IMPACT (Interweaving Mathematics Pedagogy and Content for Teaching) is an exciting new series of texts for teacher education which aims to advance the learning and teaching of mathematics by integrating mathematics content with the broader research and theoretical base of mathematics education. The Learning and Teaching of Geometry in Secondary Schools reviews past and present research on the teaching and learning of geometry in secondary schools and proposes an approach for design research on secondary geometry instruction. Areas covered include: teaching and learning secondary geometry through history; the representations of geometric figures; students’ cognition in geometry; teacher knowledge, practice and, beliefs; teaching strategies, instructional improvement, and classroom interventions; research designs and problems for secondary geometry. Drawing on a team of international authors, this new text will be essential reading for experienced teachers of mathematics, graduate students, curriculum developers, researchers, and all those interested in exploring students’ study of geometry in secondary schools.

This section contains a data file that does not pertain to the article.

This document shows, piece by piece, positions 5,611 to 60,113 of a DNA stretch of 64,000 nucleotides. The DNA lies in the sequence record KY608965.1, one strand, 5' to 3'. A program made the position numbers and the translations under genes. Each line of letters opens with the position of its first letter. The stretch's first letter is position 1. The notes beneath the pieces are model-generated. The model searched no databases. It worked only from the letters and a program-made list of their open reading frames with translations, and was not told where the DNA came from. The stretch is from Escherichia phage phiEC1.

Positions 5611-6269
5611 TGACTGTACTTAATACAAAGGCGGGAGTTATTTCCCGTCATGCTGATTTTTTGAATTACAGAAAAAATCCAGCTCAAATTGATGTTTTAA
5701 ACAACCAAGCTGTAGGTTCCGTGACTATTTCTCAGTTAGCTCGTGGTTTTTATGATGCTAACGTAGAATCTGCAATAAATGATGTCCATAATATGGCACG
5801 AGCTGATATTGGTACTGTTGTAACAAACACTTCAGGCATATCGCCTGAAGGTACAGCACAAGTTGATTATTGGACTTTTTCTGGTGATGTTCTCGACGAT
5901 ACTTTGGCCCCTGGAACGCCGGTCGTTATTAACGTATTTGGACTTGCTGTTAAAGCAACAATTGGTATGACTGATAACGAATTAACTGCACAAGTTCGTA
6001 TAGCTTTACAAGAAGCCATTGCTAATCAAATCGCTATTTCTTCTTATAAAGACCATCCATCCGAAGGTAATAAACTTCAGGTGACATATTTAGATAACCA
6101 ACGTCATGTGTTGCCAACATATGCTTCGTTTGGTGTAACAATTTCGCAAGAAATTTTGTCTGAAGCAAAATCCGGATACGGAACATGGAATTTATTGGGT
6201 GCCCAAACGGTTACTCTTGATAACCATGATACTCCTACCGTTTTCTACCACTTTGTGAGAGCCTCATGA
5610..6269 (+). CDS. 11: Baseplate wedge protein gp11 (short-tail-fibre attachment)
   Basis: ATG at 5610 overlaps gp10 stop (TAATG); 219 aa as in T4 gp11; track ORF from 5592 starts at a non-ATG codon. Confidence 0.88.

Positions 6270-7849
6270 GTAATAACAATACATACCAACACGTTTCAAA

Author: Gabriele Kaiser,Werner Blum,Rita Borromeo Ferri,Gloria Stillman
Publisher: Springer Science & Business Media